Weeks before Britney Spears launched her perfume named 'Curious', a banner ad was released on the web with a photo of Britney. The ad asked girls to type their cell phone digits & zip codes. More than 30,000 girls typed in their numbers to receive a 45 second recorded message from Britney, where she told them how she was working on a fragrance and was really excited. Later they received a text message from Britney telling them about the launch & where the perfume was available. In all, the campaign succeeded in reaching out to a sizable number of 300,000 girls!
When Burger King wanted to promote its chicken sandwiches, it used ingenuity to promote its product. They used a man dressed in a chicken outfit and made a video, which was released exclusively on the net video. One could make the chicken do anything. All one had to do was type a command and the chicken would obey. It could dance to push-ups; or even watch TV! This "Subservient Chicken" was an instant hit on the net. One million hits were recorded in one day. Burger King had proved its point - you can have a chicken any way you like! It did it without spending money on traditional forms of advertising.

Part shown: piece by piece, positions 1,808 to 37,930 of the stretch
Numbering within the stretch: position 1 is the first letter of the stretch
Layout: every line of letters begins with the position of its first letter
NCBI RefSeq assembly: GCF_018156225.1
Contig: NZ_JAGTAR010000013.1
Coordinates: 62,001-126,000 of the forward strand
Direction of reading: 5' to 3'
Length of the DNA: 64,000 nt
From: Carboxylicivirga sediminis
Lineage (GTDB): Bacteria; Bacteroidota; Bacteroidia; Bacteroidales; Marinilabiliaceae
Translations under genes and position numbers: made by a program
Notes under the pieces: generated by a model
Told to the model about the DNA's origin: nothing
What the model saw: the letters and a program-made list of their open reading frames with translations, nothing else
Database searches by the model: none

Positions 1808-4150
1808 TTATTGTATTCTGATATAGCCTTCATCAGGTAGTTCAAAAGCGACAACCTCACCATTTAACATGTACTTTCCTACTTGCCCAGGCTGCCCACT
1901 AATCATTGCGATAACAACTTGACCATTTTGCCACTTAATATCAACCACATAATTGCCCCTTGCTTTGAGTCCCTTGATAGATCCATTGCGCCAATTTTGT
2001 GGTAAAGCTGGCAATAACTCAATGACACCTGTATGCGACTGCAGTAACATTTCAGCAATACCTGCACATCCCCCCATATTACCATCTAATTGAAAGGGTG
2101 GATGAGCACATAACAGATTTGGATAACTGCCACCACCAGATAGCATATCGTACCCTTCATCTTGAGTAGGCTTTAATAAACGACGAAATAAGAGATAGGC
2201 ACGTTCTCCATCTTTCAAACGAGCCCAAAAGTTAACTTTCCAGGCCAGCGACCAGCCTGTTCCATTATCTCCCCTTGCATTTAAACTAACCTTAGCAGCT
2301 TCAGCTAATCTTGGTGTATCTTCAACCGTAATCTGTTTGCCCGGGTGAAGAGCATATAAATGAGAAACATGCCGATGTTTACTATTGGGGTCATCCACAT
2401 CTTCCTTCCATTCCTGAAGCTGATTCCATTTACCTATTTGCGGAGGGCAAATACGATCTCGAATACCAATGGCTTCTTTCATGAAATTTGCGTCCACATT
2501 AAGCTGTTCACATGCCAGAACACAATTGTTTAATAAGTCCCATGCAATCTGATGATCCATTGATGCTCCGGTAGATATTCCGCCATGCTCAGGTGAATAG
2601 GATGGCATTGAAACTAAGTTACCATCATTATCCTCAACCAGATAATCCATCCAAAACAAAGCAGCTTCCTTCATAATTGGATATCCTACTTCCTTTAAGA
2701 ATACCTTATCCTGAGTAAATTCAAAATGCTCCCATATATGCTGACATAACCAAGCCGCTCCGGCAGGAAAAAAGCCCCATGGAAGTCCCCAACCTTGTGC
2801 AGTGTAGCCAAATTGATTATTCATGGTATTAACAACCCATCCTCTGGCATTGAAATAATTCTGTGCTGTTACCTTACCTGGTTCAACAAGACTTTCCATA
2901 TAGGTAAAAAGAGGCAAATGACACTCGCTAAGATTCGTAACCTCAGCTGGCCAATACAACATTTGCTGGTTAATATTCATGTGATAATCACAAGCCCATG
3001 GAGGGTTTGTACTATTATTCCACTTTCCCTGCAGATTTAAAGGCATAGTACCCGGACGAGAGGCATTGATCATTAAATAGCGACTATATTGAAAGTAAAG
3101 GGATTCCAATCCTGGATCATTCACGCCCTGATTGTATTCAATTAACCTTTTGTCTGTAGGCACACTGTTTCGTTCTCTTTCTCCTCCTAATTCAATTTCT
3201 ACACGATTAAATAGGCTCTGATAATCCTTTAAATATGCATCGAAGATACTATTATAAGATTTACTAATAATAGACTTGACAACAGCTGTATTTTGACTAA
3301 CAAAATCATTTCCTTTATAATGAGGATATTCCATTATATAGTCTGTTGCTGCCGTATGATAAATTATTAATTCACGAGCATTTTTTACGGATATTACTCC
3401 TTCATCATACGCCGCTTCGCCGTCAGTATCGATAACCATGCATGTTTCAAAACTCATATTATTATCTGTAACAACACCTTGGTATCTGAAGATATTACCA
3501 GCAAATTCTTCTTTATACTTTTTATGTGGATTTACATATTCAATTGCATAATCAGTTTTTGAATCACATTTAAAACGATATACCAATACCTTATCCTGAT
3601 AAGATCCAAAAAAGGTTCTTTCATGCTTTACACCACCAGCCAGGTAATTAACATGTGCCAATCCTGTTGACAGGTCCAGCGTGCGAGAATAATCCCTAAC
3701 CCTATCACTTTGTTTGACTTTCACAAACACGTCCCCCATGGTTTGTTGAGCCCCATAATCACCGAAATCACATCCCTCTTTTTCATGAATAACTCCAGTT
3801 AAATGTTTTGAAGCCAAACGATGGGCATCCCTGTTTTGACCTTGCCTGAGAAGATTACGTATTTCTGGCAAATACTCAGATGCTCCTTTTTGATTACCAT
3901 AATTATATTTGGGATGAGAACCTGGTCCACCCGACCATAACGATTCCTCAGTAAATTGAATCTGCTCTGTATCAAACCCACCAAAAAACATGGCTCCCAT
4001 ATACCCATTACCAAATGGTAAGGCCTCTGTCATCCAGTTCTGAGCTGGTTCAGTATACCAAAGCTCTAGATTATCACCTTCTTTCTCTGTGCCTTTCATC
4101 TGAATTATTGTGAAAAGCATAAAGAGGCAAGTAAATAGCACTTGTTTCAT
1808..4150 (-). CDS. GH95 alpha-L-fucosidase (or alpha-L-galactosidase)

Back in India, brands like Itchguard & L.I.C are going in for viral ads - and winning awards too! With times changing and with technical innovations, it's the 'word-of-mouse' that is responsible for creating the longest hype and the biggest buzz around a product. No wonder, products as diverse as Vanilla Coke, or Kingfisher F1 club or Standard Chartered Bank or even the Yash Raj film 'Mujhse Dosti Karoge' have all incorporated viral ads in their strategies.
What makes a good viral campaign